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A’s avoid arbitration with all eligible players

Everybody has a contract for 2022!

Oakland Athletics v Los Angeles Angels
Lou Trivino avoids arbitration with a one-year deal
Photo by Jayne Kamin-Oncea/Getty Images

The Oakland A’s won’t need to go to any arbitration hearings this year, as they’ve agreed to terms with all of their remaining eligible players.

The A’s entered the offseason with 10 players eligible for arbitration to determine their 2022 salaries. Before the lockout they signed contracts with three of them (Pinder, Kemp, Guerra), and then after the lockout they traded away three more (Olson, Chapman, Bassitt). On Tuesday the team announced they’ve agreed to one-year deals with the final four players, avoiding arbitration with everybody.

The settlement amounts were later reported for today’s four signings:

  • LHP Sean Manaea — $9.75 million (link)
  • RHP Frankie Montas — $5.025 million (link)
  • RHP Lou Trivino — $3 million (link)
  • OF Ramon Laureano — $2.45 million (link)

Of course, Manaea and Montas are still on the trade block, and today’s news doesn’t change that. All that happened is their 2022 salaries were agreed to, regardless of which team they end up pitching for this summer.

See below for the complete list of Oakland players who were eligible for arbitration this winter, and how it all turned out. The number crossed out next to each name is the MLB Trade Rumors projection, followed by the actual amount the player received.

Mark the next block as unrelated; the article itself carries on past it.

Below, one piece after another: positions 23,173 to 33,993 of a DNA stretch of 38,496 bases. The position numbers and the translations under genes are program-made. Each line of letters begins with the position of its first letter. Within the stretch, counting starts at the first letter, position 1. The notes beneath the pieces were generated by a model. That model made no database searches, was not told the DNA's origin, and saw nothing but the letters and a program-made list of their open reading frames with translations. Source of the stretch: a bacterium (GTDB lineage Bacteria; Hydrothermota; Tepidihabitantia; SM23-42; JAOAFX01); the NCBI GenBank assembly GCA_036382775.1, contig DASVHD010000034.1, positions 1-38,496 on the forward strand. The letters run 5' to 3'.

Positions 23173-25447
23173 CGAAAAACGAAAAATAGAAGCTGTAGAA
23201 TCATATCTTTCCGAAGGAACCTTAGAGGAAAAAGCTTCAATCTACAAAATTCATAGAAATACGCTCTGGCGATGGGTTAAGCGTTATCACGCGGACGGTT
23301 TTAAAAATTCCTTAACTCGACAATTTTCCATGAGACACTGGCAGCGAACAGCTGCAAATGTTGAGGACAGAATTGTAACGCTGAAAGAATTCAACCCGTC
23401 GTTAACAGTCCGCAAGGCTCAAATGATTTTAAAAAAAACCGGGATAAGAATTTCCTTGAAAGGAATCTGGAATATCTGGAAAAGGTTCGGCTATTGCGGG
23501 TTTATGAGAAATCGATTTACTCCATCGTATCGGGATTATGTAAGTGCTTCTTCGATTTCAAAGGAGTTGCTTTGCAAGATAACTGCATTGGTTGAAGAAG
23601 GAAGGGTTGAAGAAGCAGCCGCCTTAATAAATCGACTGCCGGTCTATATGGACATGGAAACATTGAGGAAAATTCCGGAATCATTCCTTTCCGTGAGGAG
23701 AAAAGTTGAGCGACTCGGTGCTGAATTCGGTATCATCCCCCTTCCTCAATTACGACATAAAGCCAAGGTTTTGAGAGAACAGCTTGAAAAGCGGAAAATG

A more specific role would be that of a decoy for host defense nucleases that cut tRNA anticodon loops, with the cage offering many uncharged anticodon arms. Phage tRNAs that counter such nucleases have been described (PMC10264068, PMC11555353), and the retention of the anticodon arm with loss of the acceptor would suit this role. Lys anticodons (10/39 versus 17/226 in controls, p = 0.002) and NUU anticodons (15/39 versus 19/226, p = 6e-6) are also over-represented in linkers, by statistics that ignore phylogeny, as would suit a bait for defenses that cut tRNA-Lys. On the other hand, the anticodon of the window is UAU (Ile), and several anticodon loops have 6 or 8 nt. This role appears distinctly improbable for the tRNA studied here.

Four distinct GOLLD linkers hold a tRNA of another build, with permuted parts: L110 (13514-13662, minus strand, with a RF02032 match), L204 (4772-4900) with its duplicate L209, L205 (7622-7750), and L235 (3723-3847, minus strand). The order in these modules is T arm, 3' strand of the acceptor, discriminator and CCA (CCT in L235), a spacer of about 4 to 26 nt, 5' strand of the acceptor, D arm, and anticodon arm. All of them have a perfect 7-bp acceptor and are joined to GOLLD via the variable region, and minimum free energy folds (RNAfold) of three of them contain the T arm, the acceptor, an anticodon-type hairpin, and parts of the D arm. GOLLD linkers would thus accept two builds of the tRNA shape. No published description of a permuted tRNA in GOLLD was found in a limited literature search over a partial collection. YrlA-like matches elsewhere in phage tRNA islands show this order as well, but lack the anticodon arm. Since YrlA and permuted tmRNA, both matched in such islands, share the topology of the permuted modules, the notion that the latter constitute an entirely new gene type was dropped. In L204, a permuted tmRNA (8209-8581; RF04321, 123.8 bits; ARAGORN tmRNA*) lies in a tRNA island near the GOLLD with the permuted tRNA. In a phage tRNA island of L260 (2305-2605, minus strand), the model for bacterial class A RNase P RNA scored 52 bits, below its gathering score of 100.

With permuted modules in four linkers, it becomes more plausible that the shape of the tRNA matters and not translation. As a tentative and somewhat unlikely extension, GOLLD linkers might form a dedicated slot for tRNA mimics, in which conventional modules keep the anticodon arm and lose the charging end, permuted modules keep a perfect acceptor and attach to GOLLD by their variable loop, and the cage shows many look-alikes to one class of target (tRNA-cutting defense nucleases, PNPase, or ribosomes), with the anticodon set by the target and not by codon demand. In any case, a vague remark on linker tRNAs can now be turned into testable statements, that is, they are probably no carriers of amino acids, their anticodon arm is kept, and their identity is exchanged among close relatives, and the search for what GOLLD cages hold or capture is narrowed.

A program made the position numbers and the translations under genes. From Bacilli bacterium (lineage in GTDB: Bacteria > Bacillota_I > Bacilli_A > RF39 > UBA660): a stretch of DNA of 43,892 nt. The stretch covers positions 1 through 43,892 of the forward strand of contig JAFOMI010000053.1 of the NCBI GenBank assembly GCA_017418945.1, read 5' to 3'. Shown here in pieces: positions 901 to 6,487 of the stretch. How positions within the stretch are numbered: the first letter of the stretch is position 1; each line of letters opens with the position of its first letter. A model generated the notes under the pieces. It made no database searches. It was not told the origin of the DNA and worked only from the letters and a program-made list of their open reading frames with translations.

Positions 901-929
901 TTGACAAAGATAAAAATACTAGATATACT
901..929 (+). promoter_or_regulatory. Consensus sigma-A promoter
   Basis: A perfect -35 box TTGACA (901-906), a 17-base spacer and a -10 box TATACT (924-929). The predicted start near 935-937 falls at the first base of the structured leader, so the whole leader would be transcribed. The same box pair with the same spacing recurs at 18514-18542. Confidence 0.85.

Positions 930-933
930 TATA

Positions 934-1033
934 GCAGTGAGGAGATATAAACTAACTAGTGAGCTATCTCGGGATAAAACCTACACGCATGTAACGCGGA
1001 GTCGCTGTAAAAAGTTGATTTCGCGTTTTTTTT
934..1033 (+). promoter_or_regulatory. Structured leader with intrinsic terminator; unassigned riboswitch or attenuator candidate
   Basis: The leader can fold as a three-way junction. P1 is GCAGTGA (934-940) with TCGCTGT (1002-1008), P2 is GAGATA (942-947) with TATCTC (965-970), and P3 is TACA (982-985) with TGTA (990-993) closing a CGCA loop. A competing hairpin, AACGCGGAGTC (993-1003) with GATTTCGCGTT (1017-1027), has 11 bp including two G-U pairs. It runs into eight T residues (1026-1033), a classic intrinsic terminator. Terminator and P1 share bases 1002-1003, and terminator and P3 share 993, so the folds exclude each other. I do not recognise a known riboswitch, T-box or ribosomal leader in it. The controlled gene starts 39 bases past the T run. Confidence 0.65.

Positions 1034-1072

• 1B Matt Olson – $12.0m TRADED
  • LHP Sean Manaea$10.2m (signed: $9.75m)
  • 3B Matt Chapman – $9.5m TRADED
  • RHP Chris Bassitt – $8.8m TRADED
  • RHP Frankie Montas$5.2m (signed: $5.025m)
  • RHP Lou Trivino$2.9m (signed: $3.0m)
  • OF Ramon Laureano$2.8m (signed: $2.45m)
  • UT Chad Pinder$2.8m (signed: $2.725m)
  • 2B Tony Kemp$2.2MM (signed: $2.25m)
  • RHP Deolis Guerra$900k (signed: $815k)

Remember that these salaries appear lower than you see free agents get, because arbitration-eligible players are not negotiating on the open market. They are still under team control and can only command a percentage of what a similar free agent would be worth, with that percentage going up each year that they pass through the arbitration process — most players get three turns through arby, some get four.

If the player and team can’t agree on a salary, then they each submit their offers to a third-party arbitrator who makes a final binding decision. The A’s will not need to do that with any of their players this year, or at least nobody who’s on the roster right now.